Director, Oral History Master of Arts Program
Amy Starecheski is a cultural anthropologist and oral historian whose research focuses on the use of oral history in social movements and the politics of history, value and property in cities. She is the Director of the Oral History MA Program at Columbia University. She consults and lectures widely on oral history education and methods, and is co-author of the Telling Lives Oral History Curriculum Guide. She was a lead interviewer on Columbia’s September 11, 2001 Narrative and Memory Project, for which she interviewed Afghans, Muslims, Sikhs, activists, low-income people, and people who lost work.
Starecheski was a member of the Core Working Group for Groundswell: Oral History for Social Change from 2011-2018, where she facilitated the Practitioner Support Network. In 2015 she won the Oral History Association’s article award for “Squatting History: The Power of Oral History as a History-Making Practice” and in 2016 she was awarded the Sapiens-Allegra “Will the Next Margaret Mead Please Stand Up?” prize for public anthropological writing. She received a PhD in cultural anthropology from the CUNY Graduate Center, where she was a Public Humanities Fellow.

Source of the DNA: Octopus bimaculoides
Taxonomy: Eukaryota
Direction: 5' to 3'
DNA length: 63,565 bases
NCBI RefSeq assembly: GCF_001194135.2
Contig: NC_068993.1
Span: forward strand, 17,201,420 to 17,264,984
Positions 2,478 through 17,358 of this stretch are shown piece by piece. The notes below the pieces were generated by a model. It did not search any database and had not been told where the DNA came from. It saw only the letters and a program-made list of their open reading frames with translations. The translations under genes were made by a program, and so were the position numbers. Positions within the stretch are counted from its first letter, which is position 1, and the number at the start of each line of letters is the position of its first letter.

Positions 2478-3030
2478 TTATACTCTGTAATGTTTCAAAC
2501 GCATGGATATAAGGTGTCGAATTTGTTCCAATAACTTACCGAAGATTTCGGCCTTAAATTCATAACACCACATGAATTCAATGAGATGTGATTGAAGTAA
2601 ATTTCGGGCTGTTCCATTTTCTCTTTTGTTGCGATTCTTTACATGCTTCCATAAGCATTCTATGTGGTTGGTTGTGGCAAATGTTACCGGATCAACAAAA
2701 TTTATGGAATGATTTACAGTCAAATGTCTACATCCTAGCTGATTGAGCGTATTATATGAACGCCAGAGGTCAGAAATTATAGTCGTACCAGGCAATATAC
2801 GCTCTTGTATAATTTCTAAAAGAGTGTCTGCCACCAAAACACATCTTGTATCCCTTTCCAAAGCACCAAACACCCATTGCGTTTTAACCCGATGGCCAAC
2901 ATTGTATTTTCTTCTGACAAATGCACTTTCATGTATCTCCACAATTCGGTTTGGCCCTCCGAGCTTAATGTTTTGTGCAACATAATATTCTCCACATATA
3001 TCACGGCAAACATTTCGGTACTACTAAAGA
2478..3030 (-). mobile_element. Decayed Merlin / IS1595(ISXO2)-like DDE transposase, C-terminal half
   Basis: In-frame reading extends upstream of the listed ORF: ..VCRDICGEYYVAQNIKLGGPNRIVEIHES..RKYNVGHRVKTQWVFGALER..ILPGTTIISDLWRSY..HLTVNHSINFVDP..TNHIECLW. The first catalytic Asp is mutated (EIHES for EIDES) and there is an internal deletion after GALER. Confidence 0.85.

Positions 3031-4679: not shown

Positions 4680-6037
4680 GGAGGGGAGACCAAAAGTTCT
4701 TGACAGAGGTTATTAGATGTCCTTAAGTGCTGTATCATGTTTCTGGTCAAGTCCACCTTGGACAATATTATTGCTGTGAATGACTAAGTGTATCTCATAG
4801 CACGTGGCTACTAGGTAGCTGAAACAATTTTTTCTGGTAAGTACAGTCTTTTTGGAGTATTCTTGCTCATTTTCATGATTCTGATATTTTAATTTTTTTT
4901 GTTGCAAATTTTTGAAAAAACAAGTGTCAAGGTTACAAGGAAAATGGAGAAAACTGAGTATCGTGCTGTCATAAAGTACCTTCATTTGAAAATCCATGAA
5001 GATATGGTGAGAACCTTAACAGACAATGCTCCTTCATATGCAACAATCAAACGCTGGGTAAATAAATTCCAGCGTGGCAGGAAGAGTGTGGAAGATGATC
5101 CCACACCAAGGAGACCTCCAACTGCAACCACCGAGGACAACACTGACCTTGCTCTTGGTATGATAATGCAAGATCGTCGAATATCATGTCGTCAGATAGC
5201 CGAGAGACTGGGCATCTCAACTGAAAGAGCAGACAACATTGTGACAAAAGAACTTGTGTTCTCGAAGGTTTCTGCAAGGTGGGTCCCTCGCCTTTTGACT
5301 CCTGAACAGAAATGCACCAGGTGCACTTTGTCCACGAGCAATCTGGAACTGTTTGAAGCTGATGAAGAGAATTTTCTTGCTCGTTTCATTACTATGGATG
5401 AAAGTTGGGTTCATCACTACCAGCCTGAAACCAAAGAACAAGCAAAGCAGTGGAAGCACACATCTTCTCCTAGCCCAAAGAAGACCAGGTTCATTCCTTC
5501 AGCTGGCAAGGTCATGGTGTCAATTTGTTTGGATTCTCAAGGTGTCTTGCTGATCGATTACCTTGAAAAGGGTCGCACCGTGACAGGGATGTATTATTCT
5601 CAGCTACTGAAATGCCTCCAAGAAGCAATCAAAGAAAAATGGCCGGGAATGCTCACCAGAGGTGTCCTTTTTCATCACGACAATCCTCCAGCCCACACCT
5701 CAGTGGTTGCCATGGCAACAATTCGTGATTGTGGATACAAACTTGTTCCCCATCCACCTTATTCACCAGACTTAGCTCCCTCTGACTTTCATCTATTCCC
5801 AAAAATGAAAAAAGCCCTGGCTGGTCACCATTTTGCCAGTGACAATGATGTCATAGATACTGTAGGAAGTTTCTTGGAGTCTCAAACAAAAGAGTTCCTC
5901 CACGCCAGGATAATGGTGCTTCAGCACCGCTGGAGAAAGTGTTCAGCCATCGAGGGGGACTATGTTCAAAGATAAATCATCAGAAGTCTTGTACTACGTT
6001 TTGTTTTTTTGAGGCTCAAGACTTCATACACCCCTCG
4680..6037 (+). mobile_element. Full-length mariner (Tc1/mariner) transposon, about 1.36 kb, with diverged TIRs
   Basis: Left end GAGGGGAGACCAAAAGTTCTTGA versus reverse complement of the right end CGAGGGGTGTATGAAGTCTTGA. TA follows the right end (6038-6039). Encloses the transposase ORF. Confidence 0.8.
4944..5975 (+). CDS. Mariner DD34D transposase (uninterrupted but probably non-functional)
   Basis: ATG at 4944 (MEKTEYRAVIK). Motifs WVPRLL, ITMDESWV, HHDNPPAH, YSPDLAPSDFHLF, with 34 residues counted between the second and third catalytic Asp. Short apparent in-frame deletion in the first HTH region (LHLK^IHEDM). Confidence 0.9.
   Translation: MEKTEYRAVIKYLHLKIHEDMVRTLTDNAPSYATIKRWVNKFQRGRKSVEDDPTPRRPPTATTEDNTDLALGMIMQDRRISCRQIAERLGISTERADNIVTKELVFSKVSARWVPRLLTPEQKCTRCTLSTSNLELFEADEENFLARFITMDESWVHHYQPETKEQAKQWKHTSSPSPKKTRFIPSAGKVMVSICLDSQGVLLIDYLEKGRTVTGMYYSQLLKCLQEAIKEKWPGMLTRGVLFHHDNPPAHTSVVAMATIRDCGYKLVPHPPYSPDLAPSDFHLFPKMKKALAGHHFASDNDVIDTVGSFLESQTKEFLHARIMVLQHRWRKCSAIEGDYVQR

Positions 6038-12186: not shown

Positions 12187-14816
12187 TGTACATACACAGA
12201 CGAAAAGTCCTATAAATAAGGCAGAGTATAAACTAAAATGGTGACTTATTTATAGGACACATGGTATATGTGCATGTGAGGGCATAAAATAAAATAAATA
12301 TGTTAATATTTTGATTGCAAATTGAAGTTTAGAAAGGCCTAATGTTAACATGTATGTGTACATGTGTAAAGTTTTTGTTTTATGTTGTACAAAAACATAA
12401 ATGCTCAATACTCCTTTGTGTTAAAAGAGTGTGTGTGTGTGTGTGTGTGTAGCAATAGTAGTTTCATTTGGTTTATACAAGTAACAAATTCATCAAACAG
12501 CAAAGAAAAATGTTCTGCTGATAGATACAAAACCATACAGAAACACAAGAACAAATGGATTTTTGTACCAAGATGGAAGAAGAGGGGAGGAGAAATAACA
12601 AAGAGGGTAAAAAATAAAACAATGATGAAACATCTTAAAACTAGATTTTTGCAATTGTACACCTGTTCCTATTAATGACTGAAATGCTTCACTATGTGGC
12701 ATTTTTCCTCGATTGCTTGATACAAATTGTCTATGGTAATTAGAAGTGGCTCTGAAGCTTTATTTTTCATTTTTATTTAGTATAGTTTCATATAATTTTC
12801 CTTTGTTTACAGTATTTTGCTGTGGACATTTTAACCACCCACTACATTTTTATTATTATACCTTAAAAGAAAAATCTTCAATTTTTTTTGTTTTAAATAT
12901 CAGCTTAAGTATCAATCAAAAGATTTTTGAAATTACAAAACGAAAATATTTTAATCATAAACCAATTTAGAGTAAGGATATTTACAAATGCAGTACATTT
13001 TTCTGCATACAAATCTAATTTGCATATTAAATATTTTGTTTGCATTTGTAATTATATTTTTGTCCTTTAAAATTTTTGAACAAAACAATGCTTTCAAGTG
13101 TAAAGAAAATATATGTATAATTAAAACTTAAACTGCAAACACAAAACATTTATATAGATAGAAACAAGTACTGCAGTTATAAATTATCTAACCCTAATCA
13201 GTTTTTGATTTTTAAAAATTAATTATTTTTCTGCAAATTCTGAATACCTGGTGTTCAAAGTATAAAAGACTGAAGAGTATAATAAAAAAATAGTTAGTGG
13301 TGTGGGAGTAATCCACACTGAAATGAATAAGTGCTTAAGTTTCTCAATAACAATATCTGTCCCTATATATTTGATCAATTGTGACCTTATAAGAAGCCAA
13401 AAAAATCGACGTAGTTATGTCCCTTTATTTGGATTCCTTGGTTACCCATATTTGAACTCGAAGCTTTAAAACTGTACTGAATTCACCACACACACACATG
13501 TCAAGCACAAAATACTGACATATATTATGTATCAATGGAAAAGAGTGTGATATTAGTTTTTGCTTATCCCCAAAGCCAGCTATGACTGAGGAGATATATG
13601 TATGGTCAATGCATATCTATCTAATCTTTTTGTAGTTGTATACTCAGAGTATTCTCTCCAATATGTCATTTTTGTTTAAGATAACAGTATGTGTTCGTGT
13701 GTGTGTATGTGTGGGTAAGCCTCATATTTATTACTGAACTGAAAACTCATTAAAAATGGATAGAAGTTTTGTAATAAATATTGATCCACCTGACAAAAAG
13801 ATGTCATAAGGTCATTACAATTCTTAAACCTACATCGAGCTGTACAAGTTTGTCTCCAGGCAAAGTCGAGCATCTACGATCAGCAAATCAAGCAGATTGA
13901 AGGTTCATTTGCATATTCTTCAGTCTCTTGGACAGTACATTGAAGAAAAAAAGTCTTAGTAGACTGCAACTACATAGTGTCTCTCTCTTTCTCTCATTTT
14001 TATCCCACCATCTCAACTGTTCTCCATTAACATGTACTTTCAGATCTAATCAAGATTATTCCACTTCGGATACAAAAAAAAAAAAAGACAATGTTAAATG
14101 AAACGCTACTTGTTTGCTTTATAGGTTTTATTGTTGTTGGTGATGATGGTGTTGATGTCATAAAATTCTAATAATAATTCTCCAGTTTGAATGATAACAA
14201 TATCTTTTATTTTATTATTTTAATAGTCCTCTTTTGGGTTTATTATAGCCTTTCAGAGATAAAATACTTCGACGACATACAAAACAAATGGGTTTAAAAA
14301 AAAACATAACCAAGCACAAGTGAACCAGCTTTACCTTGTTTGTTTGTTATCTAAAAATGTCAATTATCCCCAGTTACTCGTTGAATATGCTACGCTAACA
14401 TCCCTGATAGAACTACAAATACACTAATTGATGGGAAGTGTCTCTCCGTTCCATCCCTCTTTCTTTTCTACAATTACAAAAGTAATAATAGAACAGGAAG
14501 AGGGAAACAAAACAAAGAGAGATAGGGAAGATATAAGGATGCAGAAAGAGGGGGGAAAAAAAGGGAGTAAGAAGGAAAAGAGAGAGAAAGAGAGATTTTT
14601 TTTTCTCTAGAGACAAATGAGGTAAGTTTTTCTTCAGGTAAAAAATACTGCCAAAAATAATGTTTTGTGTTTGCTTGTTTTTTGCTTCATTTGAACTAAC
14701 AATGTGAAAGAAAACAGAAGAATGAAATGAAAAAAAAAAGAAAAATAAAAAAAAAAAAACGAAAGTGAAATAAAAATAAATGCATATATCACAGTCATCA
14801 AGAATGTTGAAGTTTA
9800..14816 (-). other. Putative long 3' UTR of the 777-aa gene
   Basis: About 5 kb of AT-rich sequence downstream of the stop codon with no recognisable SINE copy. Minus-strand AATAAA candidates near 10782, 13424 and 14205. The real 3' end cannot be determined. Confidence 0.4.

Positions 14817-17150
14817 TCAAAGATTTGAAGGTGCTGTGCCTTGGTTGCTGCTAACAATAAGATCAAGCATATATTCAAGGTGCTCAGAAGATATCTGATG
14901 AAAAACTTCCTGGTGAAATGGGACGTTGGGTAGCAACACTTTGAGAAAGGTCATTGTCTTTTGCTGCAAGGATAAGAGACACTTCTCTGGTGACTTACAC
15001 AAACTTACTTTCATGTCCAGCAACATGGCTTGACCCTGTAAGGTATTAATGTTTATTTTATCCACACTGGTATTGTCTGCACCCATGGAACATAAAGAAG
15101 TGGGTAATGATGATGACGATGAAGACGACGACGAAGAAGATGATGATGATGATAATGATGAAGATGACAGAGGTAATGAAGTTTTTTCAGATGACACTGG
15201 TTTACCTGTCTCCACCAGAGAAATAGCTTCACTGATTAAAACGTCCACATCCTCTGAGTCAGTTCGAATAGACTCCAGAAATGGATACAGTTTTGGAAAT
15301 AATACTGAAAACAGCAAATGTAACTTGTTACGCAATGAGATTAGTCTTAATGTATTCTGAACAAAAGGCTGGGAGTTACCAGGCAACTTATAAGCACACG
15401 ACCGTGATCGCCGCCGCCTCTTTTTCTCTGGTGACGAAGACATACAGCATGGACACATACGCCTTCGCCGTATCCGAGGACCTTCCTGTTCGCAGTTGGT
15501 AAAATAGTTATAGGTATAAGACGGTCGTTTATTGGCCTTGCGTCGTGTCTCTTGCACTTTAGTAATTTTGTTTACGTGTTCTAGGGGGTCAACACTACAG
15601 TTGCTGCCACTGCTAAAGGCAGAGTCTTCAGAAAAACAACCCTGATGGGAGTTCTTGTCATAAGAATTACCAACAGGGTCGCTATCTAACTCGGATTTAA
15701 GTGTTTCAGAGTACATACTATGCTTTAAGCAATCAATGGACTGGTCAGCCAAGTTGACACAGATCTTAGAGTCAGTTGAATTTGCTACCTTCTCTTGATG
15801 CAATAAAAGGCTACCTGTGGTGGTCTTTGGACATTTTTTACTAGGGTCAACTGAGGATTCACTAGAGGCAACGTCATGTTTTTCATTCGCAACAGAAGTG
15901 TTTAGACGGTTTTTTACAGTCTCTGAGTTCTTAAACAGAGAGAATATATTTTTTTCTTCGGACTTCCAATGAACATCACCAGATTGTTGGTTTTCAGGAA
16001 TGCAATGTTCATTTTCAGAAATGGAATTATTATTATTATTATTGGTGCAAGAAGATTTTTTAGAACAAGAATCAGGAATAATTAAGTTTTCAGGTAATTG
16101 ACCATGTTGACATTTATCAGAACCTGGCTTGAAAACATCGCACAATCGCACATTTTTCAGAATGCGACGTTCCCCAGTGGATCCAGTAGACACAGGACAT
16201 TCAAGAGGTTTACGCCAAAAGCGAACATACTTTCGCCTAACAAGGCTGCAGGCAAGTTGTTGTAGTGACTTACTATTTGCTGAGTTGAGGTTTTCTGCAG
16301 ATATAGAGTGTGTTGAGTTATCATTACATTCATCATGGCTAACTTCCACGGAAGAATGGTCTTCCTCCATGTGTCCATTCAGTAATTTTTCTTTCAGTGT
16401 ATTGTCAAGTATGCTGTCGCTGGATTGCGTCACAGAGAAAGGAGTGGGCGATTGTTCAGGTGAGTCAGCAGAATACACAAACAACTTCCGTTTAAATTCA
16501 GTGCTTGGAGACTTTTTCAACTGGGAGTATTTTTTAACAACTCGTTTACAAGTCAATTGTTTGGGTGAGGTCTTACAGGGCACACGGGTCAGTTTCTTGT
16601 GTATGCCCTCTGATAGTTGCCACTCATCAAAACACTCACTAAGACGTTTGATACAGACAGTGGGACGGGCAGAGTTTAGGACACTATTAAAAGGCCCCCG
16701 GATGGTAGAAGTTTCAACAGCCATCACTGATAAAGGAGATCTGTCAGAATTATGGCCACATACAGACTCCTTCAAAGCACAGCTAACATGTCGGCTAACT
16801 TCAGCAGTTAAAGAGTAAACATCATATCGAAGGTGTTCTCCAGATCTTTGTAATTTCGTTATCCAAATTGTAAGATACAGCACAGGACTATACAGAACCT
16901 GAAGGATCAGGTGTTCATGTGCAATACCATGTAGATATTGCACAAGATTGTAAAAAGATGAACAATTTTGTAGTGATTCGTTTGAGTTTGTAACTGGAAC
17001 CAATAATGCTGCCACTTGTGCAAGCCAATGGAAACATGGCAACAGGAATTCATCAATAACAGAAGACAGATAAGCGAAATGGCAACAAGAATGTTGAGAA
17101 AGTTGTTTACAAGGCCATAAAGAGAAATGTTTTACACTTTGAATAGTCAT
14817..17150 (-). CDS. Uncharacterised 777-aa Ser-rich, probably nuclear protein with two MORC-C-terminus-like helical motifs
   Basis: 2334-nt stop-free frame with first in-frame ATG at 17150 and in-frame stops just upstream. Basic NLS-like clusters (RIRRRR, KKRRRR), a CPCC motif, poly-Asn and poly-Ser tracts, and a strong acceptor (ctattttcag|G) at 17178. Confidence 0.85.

Her book, Ours to Lose: When Squatters Became Homeowners in New York City, was published in 2016 by the University of Chicago Press. She is the founder of the Mott Haven Oral History Project, which collaboratively documents, activates, and amplifies the stories of her longtime neighborhood, as told by the people who live there.